Imagine being a surgeon who has somehow never opened an anatomy book. There’s absolutely no way to successfully complete a surgical procedure if you have no idea what anything looks like on the inside of a patient. Likewise, there’s very little chance of success for a mechanic who doesn’t know what an engine looks like.
The most basic element of successfully putting anything together is to know what the finished product should look like. It’s the reason jigsaw puzzles come with pictures on the boxes, and it’s why Internet marketers should know what the ecosystem of lead generation looks like.
For all the work Internet marketers put into attracting clicks, an incomplete campaign means much of that effort could be wasted because critical elements of the campaign are missing or not functioning properly.
Understanding Lead Generation Success
At Straight North, we’ve been focused on examining successful lead generation campaigns (and finding out what makes them tick) in an effort to help our professionals and clients better understand them. We’ve spent a great deal of time dissecting these campaigns and pulling apart all of the different elements that go into them.
To say that Internet marketing campaigns are complex would be an understatement — a successful lead generation campaign has dozens of moving pieces that need to fit together perfectly in order for them to be successful. These elements fall into different categories, all flowing into the main website and then triggering the lead generation process which is, on its own, a complicated and intricate system.
Infographic created by Straight North, an internet marketing services provider.
Building A Blueprint
Having a blueprint is essential for building any complex system or product, so we’ve consolidated our extensive research on the subject of successful lead generation campaigns into a visual representation of what we’ve come to regard as the ecosystem of Internet marketing lead generation.
Originally, this schematic was developed for internal training purposes, but in time we discovered the benefits of using the infographic as a tool to help clients visualize and understand their campaigns so they could, in turn, help us deliver the most optimized campaign possible.
By following this blueprint, Internet marketers can see how all of the various elements that go into a lead generation campaign fit together and influence each other, leading to success. As is the case with complex systems such as the human body or a high-performance car engine, there are numerous components that factor into its success.
Like those complex systems, this ecosystem can seem impenetrable at first glance. However, by delving deep into the inner workings and breaking down its component pieces, understanding it becomes a lot easier.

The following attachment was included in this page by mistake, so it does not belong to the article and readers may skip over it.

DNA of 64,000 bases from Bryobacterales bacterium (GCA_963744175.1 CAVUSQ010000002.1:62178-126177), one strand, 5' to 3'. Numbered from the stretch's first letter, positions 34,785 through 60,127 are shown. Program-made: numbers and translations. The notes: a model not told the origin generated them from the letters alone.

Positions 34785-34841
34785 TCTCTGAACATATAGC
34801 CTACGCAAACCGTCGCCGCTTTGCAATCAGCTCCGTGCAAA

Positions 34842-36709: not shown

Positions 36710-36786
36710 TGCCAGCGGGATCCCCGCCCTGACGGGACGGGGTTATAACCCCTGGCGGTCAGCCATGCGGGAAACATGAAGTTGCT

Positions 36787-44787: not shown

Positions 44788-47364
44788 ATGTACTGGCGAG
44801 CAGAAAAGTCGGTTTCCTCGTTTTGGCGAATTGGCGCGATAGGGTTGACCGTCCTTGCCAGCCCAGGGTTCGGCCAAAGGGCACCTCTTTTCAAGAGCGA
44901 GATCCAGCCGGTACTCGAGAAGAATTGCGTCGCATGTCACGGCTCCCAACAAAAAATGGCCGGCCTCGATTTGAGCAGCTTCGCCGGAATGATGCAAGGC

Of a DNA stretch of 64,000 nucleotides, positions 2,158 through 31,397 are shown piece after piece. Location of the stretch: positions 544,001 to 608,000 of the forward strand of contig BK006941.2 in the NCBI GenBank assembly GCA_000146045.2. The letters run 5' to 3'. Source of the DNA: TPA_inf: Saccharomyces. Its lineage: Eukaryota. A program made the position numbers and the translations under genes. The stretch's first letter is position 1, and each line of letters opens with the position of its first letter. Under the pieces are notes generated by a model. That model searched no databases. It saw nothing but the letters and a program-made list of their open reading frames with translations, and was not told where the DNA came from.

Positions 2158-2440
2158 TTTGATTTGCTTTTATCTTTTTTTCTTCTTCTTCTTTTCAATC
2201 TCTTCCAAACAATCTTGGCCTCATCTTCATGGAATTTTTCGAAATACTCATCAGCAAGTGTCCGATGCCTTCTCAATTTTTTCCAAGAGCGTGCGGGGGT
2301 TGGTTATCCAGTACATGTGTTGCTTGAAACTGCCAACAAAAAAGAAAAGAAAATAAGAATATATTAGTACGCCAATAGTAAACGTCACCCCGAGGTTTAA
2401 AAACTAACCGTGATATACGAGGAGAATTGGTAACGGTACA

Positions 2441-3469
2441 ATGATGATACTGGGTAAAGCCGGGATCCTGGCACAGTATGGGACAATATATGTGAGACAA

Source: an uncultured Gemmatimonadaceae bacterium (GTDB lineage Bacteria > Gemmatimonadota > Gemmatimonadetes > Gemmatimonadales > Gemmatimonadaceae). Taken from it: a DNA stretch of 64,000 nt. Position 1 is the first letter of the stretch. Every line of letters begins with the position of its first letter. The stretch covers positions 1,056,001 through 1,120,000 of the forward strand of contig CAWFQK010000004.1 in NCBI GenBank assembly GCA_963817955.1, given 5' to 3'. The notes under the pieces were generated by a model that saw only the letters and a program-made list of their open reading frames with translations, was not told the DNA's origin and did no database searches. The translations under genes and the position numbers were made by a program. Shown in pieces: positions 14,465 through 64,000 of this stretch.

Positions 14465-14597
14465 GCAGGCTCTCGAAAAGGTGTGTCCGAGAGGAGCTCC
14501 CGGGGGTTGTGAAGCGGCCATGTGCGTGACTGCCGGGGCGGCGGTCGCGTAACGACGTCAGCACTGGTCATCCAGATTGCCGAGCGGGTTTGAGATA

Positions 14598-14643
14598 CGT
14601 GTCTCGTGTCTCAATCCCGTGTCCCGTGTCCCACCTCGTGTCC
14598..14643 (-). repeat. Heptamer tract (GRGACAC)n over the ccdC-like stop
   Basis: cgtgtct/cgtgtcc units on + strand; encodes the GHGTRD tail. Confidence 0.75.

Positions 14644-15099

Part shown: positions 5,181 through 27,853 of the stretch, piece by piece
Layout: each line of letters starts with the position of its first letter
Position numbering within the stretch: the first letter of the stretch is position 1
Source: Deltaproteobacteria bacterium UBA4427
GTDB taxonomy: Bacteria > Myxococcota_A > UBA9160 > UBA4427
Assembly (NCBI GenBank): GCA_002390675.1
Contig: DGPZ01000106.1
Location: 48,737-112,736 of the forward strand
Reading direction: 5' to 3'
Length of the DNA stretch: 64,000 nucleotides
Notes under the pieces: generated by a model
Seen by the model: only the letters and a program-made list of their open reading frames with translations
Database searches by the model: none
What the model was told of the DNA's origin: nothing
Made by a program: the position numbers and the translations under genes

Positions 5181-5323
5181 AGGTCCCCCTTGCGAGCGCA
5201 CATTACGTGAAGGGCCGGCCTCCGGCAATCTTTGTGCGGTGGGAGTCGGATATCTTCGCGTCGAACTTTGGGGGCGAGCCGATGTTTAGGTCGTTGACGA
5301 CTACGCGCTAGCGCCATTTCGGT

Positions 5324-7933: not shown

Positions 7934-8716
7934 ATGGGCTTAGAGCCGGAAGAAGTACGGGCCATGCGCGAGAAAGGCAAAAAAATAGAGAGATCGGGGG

Working In Sync
As the flowchart makes apparent, a lead generation campaign’s elements each serve a specific purpose within the process as a whole, working together to generate new sales leads. If any of those elements are missing for any reason, there is real risk that the campaign will function at far less efficacy, or even stop functioning altogether.
For Internet marketers seeking to build the most effective and efficient lead generation campaign, this blueprint could be the difference between a highly successful campaign and one that is doomed to failure. By incorporating proven sales lead generation strategies, the ecosystem we’ve visualized here represents the most full-featured and effective form of a lead generation campaign.
This is essential to have because the sheer number of complicated and varied components that go into the typical lead generation campaign means Internet marketing professionals or their clients can easily overlook or neglect certain specific elements as they assemble their campaigns.
For example, many campaigns neglect to include a lead validation component, leaving the information they collect about their campaigns lacking — and ultimately wasting their efforts. That’s an essential component that is easy to miss without a reminder.
If you’re developing a lead generation campaign, or if you have one in place that you feel could be operating at a higher level, compare it to this ecosystem infographic. Having the visualization of a successful campaign may be critical in helping you understand what yours should look like and help you identify any overlooked or neglected elements.